Care: The snake plant (Sansevieria trifasciata) requires excellent drainage and little water. It may be impossible to kill one — we've never seen it happen. Plus this is one of those plants noted for cleaning the air of toxins.
Buy now: The Sill Snake Plant, $57
6. Peace Lily
The peace lily plant (Spathiphyllum spp.) gets its name from the spoon-shaped white flowers that look like little flags of peace. But beyond that, there is something supremely serene about this houseplant, perhaps stemming from the large, deep green glossy leaves that manage to appear both calming and vibrant at the same time. The candle-shaped blooms add to its lovely appearance. According to NASA, the peace lily purifies the air wherever it is placed.
Care: No blazing sunlight or dramatic temperature extremes for this low-key plant. It prefers a shady site and weekly water to keep the soil moist.
Buy now: West Elm Peace Lily, $59.95
7. Heartleaf Philodendron
Heartleaf philodendron (Philodendron hederaceum) look and act like pothos, but you can identify them by their heart shaped leaves. These philodendron are known for their extremely easy-going ways. They offer elegantly cascading green foliage and ask for very little in return. Left to their own devices, the stems will grow to four feet long, but you can pinch them back to make them fuller. Pop the pruned section into a vase of water and it will root.
Care: Heartleaf philodendron need moderate to bright light and occasional watering. Provide well-draining soil and a pot with drain holes.Yellow leaves mean you are watering too much.
8. Aloe Vera
Aloe vera (Aloe vera) — those leggy succulents — are known as living first aid kits since their gel can cool burns and soothe scrapes. But they are also simple, appealing and low maintenance houseplants. The plant is virtually stemless and has pointed, fleshy, upright leaves that fan out from the plant's center. The leaf margins are serrated with small teeth and the leaves themselves are often decorated with white dots. Pot up aloes in sandy soil or cactus potting mix in a terra cotta container. Be sure to give the plant excellent drainage.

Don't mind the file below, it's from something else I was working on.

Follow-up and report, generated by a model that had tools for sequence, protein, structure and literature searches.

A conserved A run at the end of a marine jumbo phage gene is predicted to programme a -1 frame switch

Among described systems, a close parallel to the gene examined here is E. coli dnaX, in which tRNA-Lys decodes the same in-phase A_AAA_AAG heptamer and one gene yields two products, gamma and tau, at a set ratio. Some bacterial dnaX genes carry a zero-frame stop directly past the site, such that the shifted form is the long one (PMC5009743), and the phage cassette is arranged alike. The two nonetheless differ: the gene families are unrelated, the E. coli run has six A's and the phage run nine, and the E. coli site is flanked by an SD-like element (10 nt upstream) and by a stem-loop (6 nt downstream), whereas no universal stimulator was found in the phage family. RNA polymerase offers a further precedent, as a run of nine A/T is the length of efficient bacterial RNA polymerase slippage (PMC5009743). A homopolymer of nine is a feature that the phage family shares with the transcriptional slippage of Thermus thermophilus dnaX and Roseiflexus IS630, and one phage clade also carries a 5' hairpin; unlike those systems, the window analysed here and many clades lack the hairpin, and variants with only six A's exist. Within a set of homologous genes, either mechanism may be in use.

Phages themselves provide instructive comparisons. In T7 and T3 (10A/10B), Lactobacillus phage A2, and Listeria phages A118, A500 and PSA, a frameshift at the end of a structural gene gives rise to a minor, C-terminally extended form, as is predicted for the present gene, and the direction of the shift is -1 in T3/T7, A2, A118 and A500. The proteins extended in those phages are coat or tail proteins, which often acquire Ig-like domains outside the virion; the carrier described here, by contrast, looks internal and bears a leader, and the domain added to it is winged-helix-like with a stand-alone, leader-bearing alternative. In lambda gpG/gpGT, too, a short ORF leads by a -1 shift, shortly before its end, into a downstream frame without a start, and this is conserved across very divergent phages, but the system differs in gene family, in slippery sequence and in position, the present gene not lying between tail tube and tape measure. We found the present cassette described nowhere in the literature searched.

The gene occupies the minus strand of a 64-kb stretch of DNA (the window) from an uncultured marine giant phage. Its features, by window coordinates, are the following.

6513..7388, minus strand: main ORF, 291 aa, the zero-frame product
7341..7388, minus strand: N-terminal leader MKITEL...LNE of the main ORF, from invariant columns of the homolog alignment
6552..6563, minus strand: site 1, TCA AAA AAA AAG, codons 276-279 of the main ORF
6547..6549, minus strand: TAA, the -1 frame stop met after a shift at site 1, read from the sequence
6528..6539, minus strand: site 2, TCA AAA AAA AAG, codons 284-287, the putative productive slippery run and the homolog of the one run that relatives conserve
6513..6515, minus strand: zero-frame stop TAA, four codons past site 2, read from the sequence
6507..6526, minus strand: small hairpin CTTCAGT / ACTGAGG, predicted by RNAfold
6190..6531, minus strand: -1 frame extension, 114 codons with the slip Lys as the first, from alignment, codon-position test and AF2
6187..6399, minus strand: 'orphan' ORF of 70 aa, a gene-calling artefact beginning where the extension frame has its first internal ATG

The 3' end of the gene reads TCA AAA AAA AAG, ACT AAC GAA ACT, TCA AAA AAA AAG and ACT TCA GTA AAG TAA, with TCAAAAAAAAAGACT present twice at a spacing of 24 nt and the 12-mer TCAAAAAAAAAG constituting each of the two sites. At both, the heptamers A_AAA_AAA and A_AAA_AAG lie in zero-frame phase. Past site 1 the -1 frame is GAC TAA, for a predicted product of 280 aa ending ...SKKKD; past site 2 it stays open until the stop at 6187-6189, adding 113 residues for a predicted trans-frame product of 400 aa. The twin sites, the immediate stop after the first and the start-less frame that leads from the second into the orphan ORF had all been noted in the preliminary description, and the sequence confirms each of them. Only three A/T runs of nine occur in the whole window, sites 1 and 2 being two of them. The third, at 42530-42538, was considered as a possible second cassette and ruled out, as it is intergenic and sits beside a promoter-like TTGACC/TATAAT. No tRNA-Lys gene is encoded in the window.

Care: Don't water very often.The soil should dry out completely before getting another drink. Same with repotting: don't do it until roots push their way out of the current pot's drain holes.
Buy now: West Elm Aloe Vera, $22
9. Ponytail Palm
Ignore the common name! Ponytail palm (Beaucarnea recurvata) is not in the palm family. It's a succulent, a relative of the yucca and a dramatic houseplant. It has a thick, bottle-shaped stem topped by a rosette of graceful drooping foliage. The ponytail is a plant sure to attract attention but requiring very little care or attention.
Care: Give the ponytail palm a site with bright indirect light or even some direct sun. It doesn't need a humid atmosphere, in fact it thrives in the dry air of heated homes. Don't repot unless it cracks out of the first container since it loves being root-bound. Only water when the soil is totally dry.
Buy now: Bloomscape Ponytail Palm, $65
From Alaska to California, from France's Basque Country to Mexico's Pacific Coast, Teo Spengler has dug the soil, planted seeds and helped trees, flowers and veggies thrive. A professional writer and consummate gardener, Spengler has written about home and garden for Gardening Know How, San Francisco Chronicle, Gardening Guide and Go Banking Rates. She earned a BA from U.C. Santa Cruz, a law degree from U.C. Berkeley's Boalt Hall, and an MA and MFA from San Francisco State. She currently divides her life between San Francisco and southwestern France.